Thursday, January 6, 2011

Theological Words of the Day


Describes the rule of faith proposed by St. Vincent of Lerins in the fifth century A.D. which seeks a universal consent of the faith that bears the mark of antiquity—ubiquesemperomnibus(“everywhere, always, all”). If one’s faith did not meet this criteria, it was not considered “catholic” (that of the true, “universal” church).
From the fourth chapter of The Commitorium:
“Now in the Catholic Church itself we take the greatest care to hold that which has been believed everywhere, always and by all. That is truly and properly ”catholic,” as is shown by the very force and meaning of the word, which comprehends everything almost universally. We shall hold to this rule if we follow universality (i.e., ecumenicity), antiquity, and consent. We shall follow universality if we acknowledge that one Faith to be true which the whole Church throughout the world confesses; antiquity if we in no wise depart from those interpretations which it is clear that our ancestors and fathers proclaimed; consent, if in antiquity itself we keep following the definitions and opinions of all, or certainly nearly all, bishops and doctors alike.”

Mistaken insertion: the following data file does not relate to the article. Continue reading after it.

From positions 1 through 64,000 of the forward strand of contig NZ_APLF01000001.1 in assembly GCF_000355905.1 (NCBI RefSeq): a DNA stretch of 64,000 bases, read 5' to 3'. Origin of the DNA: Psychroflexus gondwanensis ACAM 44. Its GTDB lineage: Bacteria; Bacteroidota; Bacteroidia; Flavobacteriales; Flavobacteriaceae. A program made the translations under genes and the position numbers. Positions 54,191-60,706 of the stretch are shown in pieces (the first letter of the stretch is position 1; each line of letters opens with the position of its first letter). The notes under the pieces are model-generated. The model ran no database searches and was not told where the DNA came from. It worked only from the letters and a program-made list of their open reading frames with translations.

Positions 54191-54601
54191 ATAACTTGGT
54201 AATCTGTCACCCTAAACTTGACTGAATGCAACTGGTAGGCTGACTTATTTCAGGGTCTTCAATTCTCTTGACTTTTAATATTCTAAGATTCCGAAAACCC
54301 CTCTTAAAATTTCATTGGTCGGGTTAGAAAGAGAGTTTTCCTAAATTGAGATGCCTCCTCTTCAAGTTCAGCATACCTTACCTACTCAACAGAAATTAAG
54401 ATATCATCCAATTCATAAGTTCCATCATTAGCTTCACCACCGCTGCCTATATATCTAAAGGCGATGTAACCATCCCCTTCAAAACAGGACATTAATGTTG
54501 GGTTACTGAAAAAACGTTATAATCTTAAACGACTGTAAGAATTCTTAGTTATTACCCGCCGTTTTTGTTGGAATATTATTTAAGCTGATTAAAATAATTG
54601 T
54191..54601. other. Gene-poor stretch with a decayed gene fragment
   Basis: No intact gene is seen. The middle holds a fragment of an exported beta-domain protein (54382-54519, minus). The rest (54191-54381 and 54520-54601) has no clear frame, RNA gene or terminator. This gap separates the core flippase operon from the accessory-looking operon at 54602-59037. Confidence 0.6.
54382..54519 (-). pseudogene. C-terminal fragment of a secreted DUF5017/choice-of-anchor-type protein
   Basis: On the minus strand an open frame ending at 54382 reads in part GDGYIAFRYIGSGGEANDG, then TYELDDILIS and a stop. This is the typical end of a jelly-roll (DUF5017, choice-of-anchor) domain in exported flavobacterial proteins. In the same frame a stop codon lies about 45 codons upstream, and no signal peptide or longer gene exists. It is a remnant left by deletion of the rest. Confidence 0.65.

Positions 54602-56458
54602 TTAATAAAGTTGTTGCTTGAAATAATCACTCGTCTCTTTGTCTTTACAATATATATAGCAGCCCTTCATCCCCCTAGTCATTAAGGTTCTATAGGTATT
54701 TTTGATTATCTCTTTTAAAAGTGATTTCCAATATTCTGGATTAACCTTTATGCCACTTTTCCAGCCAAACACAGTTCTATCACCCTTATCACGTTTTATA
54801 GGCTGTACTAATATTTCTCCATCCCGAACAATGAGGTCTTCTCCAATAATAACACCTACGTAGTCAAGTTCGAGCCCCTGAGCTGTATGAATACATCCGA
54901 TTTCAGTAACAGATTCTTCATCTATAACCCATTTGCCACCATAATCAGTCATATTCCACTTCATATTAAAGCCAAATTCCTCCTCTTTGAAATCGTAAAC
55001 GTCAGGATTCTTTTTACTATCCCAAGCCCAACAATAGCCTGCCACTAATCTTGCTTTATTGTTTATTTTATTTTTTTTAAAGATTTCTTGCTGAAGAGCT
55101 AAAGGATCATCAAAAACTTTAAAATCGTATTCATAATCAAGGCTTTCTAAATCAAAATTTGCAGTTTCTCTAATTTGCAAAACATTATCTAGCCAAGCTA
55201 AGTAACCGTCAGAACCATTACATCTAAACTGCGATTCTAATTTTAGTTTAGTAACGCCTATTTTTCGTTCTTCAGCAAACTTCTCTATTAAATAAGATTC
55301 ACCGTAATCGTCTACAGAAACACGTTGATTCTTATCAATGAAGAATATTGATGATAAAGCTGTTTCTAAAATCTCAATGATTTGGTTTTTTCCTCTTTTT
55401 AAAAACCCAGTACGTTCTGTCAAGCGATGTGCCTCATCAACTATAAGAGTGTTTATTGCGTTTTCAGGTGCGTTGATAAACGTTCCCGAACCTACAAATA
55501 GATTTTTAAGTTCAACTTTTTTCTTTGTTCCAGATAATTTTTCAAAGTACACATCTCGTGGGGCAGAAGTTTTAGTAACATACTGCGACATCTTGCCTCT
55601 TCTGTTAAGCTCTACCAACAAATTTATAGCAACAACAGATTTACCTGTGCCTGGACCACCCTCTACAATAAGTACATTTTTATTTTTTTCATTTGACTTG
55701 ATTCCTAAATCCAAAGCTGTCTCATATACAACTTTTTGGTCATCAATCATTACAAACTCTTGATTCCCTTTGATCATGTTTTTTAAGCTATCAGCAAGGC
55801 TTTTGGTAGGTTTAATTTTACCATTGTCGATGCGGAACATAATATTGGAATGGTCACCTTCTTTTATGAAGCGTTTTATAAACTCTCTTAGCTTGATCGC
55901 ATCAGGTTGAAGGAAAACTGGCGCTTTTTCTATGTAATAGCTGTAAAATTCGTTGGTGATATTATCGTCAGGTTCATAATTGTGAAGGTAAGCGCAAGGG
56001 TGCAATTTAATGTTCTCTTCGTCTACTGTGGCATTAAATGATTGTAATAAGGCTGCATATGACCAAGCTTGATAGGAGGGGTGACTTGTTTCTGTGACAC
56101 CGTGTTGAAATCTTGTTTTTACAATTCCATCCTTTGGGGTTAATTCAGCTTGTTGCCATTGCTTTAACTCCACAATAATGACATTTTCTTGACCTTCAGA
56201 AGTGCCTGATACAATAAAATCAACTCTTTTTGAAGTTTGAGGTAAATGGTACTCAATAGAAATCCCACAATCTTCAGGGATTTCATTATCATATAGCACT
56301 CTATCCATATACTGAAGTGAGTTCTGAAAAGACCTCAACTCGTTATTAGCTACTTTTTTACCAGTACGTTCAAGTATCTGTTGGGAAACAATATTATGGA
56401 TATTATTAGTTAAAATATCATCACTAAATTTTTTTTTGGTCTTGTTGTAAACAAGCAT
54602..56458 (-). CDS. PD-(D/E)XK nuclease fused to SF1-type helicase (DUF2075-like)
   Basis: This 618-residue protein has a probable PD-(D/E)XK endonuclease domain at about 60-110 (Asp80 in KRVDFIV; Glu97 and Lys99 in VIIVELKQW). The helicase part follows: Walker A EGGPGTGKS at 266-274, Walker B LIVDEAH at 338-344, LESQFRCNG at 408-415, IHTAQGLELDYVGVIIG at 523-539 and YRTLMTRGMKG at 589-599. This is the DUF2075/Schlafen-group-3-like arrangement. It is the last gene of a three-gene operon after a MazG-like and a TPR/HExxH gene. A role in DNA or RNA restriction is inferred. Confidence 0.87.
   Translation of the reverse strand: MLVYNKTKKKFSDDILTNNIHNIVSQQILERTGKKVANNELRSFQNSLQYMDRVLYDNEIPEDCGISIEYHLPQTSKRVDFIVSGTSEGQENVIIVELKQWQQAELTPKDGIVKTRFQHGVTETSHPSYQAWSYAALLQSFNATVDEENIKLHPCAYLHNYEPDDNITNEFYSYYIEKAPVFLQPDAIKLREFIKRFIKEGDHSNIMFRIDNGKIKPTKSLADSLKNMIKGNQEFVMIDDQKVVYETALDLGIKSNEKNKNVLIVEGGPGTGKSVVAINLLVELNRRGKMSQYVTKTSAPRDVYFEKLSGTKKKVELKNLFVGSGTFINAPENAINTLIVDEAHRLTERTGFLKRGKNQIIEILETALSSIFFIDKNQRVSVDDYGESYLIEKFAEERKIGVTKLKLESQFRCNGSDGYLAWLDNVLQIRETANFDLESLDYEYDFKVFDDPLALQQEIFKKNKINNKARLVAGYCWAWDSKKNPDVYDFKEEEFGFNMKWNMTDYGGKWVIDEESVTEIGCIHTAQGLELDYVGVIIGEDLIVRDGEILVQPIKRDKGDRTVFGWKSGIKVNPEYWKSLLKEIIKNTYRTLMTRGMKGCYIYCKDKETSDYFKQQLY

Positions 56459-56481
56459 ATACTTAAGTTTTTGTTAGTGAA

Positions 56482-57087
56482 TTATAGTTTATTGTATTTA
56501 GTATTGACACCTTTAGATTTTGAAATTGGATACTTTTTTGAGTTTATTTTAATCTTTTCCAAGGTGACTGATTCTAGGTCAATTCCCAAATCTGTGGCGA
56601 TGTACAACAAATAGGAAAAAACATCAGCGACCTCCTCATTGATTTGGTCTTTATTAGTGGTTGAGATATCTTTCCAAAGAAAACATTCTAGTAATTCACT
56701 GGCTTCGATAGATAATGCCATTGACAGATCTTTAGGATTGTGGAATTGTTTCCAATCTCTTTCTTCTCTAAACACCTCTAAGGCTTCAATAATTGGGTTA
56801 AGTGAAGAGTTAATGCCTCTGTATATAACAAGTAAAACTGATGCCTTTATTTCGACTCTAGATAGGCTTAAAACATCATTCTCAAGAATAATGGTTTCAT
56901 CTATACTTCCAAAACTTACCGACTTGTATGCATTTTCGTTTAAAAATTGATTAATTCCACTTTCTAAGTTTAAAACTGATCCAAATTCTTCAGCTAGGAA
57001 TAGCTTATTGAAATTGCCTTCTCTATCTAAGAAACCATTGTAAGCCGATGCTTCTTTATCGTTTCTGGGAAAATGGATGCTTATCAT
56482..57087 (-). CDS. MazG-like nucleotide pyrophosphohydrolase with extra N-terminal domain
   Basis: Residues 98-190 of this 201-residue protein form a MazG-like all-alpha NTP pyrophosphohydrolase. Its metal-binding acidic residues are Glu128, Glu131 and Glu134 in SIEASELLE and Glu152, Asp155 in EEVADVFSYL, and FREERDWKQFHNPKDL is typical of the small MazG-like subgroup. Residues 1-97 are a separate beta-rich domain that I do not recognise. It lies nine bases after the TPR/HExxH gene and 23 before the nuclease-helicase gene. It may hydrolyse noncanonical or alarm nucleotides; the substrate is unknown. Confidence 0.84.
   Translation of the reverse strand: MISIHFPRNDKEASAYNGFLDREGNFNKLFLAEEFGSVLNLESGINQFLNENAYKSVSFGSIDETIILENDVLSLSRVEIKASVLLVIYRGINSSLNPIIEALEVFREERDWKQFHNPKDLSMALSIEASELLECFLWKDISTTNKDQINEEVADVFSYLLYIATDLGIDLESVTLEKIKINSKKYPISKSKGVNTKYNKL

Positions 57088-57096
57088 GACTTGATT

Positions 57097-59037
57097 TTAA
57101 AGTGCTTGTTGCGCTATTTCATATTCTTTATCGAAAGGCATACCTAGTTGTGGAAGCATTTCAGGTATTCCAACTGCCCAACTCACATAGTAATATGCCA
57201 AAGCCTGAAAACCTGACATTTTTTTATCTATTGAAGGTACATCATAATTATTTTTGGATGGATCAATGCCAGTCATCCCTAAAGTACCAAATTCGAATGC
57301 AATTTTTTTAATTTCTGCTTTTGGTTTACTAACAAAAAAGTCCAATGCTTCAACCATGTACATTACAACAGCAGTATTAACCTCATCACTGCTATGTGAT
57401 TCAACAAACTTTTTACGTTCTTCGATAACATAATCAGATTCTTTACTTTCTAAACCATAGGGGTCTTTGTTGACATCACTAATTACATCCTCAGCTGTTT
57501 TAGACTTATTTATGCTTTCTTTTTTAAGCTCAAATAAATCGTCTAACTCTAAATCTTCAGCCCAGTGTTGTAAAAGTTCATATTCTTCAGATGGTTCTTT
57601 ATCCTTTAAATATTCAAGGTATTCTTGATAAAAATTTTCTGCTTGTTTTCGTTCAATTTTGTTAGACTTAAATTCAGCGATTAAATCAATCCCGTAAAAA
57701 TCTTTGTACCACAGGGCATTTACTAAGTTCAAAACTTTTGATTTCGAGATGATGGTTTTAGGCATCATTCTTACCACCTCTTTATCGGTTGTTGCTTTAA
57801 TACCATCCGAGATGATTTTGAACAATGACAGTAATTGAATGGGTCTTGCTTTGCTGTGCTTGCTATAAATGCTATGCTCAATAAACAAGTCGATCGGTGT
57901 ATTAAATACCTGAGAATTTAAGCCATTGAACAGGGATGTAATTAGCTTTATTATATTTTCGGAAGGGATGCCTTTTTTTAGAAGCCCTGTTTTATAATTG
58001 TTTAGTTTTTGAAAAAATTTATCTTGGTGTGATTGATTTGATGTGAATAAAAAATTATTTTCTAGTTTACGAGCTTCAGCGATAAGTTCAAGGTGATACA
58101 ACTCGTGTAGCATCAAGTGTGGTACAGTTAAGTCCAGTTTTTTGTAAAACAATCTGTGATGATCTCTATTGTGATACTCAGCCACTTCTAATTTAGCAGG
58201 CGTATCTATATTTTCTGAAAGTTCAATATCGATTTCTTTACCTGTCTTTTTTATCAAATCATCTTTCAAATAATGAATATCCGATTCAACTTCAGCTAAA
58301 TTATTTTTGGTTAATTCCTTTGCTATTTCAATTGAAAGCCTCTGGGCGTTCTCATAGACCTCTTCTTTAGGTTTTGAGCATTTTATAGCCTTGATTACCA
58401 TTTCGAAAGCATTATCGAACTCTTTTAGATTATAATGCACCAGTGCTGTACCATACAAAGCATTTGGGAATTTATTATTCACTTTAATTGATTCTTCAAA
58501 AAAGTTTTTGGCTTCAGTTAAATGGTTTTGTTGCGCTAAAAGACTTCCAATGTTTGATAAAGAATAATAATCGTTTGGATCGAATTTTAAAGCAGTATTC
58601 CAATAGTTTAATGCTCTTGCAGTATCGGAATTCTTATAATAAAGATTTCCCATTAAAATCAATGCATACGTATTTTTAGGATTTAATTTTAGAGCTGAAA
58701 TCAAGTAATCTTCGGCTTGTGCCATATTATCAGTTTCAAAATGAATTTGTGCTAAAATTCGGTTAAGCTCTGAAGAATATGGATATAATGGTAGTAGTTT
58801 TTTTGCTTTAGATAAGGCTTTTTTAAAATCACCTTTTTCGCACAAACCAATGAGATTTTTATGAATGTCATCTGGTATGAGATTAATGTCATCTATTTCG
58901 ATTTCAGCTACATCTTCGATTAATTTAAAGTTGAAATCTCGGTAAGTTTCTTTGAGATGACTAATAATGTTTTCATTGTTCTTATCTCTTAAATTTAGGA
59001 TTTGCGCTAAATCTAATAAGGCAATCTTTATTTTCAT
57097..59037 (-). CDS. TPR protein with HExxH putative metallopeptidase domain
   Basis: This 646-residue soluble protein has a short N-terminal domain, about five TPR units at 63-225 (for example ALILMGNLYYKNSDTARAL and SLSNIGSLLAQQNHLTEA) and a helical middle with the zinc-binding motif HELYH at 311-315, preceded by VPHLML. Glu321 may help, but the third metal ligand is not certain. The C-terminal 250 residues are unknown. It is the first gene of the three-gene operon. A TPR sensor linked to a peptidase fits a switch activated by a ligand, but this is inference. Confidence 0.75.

[noe-eht’-ik] (Greek noesis, “understanding” from Greek nous, “mind”)

The concept in Christian theology that argues for the negative effect of sin on the minds of all people. This effect changes man’s thinking and ability to understand. It is not that the mind is incapacitated, but that sin has a deteriorating effect on our ability to think and believe. This effect is primarily seen with regard to our understanding and perception of spiritual things. All Christian traditions believe that sin has debilitated the mind, but some will differ with respect to the degree or what the remedy is.

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